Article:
Many people with King Baby Syndrome turn to alcohol or other substances to allow them to avoid their feelings. This is a potential realization for someone with narcissistic personality disorder (NPD).

Can Alcohol Cause Narcissism?

Medical experts believe there is a link between narcissism and alcoholism since many people with NPD also have alcohol use disorder (AUD). However, researchers have not determined if one condition causes the other.

According to the National Institute of Mental Health, about a quarter of people with personality disorders also have substance use disorder (SUD), including alcoholism. Researchers speculate that people with narcissistic tendencies are more likely to abuse alcohol.

It’s common to encounter someone with SUD and also notice other signs of mental illnesses, such as a narcissistic personality disorder. Although they might not have NPD, their SUD causes them to display narcissistic tendencies, such as:

  • Manipulating or exploiting others to support their addiction
  • Depending on alcohol to function
  • Prioritizing alcohol over relationships
  • Reacting poorly to criticism, especially when it involves drinking
  • Lack of self-awareness
  • Avoiding responsibilities and consequences of their actions
  • Acting entitled, especially when demanding alcohol

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Why Are So Many Narcissists Alcoholics?

It’s common for alcoholics to receive a diagnosis of NPD too. Co-occurring mental health conditions are common among those with AUD. These mental health conditions can include NPD.

These two conditions go hand-in-hand because they share many traits, such as:

  • Self-absorption
  • An exaggerated sense of entitlement
  • Lack of empathy
  • Lack of shame
  • Manipulative tendencies

Both alcoholics and people with NPD lack self-awareness. They also struggle to recognize when they need help.

They might be causing conflict with the people around them but have no idea they have a problem. This is true even when confronted about their behavior.

In the case of AUD, their behaviors support their drinking habit. With NPD, their behaviors serve as protection from emotional responsibility. Sometimes, people with NPD self-medicate with alcohol to avoid dealing with their lack of self-esteem.

Although Narcissist Alcoholics seem to have a grandiose view of themselves, deep down, they lack self-esteem. Their NPD prevents them from dealing with the true problem.

Commonly Asked Questions on Narcissist Alcoholics

Can a Narcissist Be Cured?

There is no cure for NPD. However, a narcissist can learn to manage emotions and behaviors with psychotherapy.

Someone with NPD can heal by developing self-awareness and learning to feel and express empathy. This can be learned through regular counseling and self-care.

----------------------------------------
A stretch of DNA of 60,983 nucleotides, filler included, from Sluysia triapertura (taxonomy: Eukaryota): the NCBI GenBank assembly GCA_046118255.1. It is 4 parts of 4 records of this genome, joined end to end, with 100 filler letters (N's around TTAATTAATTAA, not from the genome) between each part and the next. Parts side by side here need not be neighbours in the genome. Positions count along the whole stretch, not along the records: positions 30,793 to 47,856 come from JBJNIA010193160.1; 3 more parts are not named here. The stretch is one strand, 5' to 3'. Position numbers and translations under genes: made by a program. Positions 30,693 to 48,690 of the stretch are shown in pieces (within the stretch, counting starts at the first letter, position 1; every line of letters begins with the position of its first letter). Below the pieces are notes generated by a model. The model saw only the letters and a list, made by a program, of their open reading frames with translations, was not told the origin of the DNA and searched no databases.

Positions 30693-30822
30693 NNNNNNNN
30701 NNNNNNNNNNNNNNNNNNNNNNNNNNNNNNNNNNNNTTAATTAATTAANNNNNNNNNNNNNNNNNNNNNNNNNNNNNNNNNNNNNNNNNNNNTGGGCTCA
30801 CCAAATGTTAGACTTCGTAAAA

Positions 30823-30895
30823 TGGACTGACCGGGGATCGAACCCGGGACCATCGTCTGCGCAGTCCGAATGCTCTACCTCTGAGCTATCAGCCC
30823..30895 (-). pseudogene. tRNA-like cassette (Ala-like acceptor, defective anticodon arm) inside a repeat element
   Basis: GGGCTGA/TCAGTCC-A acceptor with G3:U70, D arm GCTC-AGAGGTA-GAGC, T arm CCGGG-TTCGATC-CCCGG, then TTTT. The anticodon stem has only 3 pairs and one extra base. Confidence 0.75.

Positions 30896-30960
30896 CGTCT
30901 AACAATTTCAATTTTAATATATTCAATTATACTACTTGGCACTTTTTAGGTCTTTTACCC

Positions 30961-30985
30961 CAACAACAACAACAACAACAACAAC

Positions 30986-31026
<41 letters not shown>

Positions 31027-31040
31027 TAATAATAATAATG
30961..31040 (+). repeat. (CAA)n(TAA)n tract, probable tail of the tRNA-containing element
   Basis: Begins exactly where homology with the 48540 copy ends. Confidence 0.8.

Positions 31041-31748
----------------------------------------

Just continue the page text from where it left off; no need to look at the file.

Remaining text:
What Does an Alcoholic Narcissist Look Like?

An alcoholic narcissist is:

  • Willing to manipulate or exploit others to drink because they feel entitled
  • Unempathetic and prioritizes their drinking over everything else
  • Intolerant of criticism
  • Arrogant
  • Not self-aware, especially when drinking
  • Unwilling to seek help and don’t have self-awareness of their problem with alcohol

Not everyone with AUD has NPD, and vice versa. Many people display narcissistic traits and don’t drink at all. However, it’s more common for someone with alcoholism to display several narcissistic qualities. 

Can Alcoholism be Mistaken for Narcissism?

In some cases, if someone is good at hiding their drinking, they might receive a diagnosis of narcissism. Additionally, someone can have these two disorders simultaneously.

Narcissism may lead to alcoholism in some people. On the other hand, alcohol use can cause people to develop narcissistic tendencies. Both tend to become defensive about their substance use and whether they have an addiction.

Determining which of these two or if both conditions are an issue is an important part of treatment. However, even if an alcoholic does not have an official diagnosis of NPD, they could benefit from psychotherapy.


Additionally, participants of these programs might also be prescribed medications to treat additional issues, such as anxiety or depression.

Alcohol can worsen King Baby syndrome, exacerbating their worst traits while also developing a growing addiction. Since there’s no direct cure for being a King Baby, they must want help and accept help to unlearn their harmful behavior. This can be achieved by seeking psychotherapy and other recovery programs.

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Updated on February 6, 2024

Related Articles

6 sources cited
Updated on February 6, 2024
  1. Welker et al. “Grandiose and Vulnerable Narcissism: Associations with Alcohol Use, Alcohol Problems and Problem Recognition.” Journal of American College Health, 2018.

  2. National Institute on Alcohol Abuse and Alcoholism. “Alcohol Use Disorder and Personality Disorders.” niaaa.nih.gov, 2020.

  3. National Institute of Mental Health. “Substance Use and Co-Occurring Mental Disorders.” National Institute of Mental Health, 2021.

  4. Tragesser et al. “Personality Disorder Symptoms, Drinking Motives, and Alcohol Use and Consequences: Cross-Sectional and Prospective Mediation.” Experimental and Clinical Psychopharmacology, 2007.

  5. Mathews, Andrea LPC, NCC. “King (or Queen) Baby.” Psychology Today, 2011.

  6. Helle, A., “Alcohol Use Disorder and Antisocial and Borderline Personality Disorders.” Alcohol Research: Current Reviews, 2019.